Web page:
Emma McCabe says, “This is probably plantar fasciitis, which is a degenerative change of the plantar fascia, a band of tissue which runs along the base of the foot. There's collagen breakdown and micro tears occur. This is a common runners’ injury and there are numerous reasons you might be more prone to it. When an injury recurs like this, though, either you haven't reached the root of the problem or there hasn't been time for it to fully resolve.
The first thing to do is to have your running gait analysed; experts will pick up on any asymmetries or pronation and may suggest more supportive shoes. It may be that you've ramped up your training too much at once, in which case rest, and then build up your training more gradually. Resist the temptation to make up for lost time by going full throttle.
What's plantar fasciitis?
Plantar fasciitis is one of the most common running injuries. It occurs when the PF is damaged, thickening and becoming
Plantar fasciitis causes pain under the heel, often worst in the mornings. Walking/running may seem to ease it but it often gets more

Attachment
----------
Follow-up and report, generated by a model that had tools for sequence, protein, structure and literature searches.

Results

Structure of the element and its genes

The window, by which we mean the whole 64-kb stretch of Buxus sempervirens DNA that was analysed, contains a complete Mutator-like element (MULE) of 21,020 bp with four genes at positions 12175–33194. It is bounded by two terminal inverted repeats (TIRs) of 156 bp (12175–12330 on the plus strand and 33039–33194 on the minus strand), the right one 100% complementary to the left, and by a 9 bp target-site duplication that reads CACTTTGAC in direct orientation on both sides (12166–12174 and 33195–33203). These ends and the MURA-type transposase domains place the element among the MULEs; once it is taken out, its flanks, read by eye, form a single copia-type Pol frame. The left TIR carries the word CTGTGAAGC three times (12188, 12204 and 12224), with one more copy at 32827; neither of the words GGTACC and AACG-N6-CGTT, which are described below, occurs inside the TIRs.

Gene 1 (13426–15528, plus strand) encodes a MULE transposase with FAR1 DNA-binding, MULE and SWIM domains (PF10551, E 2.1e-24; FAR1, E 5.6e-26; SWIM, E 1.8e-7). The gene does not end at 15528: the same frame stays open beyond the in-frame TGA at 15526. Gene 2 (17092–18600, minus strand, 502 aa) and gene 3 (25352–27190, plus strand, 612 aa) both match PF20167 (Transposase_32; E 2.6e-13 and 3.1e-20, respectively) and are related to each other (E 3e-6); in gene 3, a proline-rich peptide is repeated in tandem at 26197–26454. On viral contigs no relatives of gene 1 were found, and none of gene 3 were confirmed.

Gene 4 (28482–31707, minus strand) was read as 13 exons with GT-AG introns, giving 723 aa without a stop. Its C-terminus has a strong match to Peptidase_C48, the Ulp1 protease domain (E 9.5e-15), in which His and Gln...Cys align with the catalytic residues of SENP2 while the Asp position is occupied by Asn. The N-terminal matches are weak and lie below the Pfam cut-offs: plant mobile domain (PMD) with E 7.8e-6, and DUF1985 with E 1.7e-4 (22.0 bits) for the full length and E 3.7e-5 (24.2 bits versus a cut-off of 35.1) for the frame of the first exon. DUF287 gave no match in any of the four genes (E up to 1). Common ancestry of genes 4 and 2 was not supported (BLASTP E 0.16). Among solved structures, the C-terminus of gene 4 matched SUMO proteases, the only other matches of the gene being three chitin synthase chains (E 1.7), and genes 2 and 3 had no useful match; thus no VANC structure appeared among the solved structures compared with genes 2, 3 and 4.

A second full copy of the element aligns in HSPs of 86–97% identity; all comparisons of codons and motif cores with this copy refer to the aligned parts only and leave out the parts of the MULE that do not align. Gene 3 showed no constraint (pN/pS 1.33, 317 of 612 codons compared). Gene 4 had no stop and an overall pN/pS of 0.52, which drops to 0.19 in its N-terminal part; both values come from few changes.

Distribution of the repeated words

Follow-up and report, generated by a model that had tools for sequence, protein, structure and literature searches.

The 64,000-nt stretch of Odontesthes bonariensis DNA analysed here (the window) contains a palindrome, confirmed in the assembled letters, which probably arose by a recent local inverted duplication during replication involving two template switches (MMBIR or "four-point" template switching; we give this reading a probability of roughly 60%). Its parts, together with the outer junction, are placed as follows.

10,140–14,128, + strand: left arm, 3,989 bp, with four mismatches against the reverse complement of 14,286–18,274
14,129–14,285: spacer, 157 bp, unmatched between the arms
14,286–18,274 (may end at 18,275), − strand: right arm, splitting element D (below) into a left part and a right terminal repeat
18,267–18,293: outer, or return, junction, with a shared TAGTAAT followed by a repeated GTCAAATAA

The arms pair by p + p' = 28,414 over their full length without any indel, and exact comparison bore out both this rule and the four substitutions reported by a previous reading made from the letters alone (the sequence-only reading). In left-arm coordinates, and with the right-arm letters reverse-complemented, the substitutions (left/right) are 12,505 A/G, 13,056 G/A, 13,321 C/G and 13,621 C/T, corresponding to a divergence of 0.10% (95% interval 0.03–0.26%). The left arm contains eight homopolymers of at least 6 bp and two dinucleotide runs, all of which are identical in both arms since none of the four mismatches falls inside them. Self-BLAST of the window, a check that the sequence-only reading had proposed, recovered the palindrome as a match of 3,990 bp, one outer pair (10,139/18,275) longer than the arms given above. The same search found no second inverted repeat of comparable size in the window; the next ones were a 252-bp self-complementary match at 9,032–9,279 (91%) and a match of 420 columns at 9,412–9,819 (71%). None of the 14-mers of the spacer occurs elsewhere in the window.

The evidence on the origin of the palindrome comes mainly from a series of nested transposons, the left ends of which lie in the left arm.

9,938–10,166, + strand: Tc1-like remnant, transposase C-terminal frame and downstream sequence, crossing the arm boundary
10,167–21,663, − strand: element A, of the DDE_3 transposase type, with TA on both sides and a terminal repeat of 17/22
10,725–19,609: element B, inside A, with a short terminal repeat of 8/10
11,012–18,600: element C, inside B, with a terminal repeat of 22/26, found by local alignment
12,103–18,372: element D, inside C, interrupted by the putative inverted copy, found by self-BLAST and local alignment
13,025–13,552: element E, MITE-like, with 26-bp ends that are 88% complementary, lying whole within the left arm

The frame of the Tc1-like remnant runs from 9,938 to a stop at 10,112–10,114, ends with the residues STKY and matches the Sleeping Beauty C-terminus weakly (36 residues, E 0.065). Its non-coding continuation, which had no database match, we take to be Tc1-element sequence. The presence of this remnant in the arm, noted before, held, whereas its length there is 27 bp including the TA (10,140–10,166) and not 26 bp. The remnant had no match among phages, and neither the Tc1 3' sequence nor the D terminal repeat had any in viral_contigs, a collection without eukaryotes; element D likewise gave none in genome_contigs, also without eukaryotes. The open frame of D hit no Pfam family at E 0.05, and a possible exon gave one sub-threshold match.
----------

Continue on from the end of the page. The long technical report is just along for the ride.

This is a band of tissue which runs along the base of the foot. It runs from the heel to the toe bones, supporting the arch and acting as a shock absorber.
You need to ensure that you're doing flexibility exercises such as calf stretches– make sure you release the hamstrings too. Using a foam roller can help with both. The plantar fascia will also need releasing. Roll a frozen water bottle, tennis ball or spiky ball around under your foot to help loosen it.
Strengthening exercises play a big part in rehabilitation: doing exercises with a resistance band to strengthen the muscles around the ankles, calf raises and also picking items up from the floor using your toes can help. If you've had a previous injury of the ankle, knee or hip this imbalance may be the main problem. If none of these suggestions work, I'd highly recommend physiotherapy. Good luck!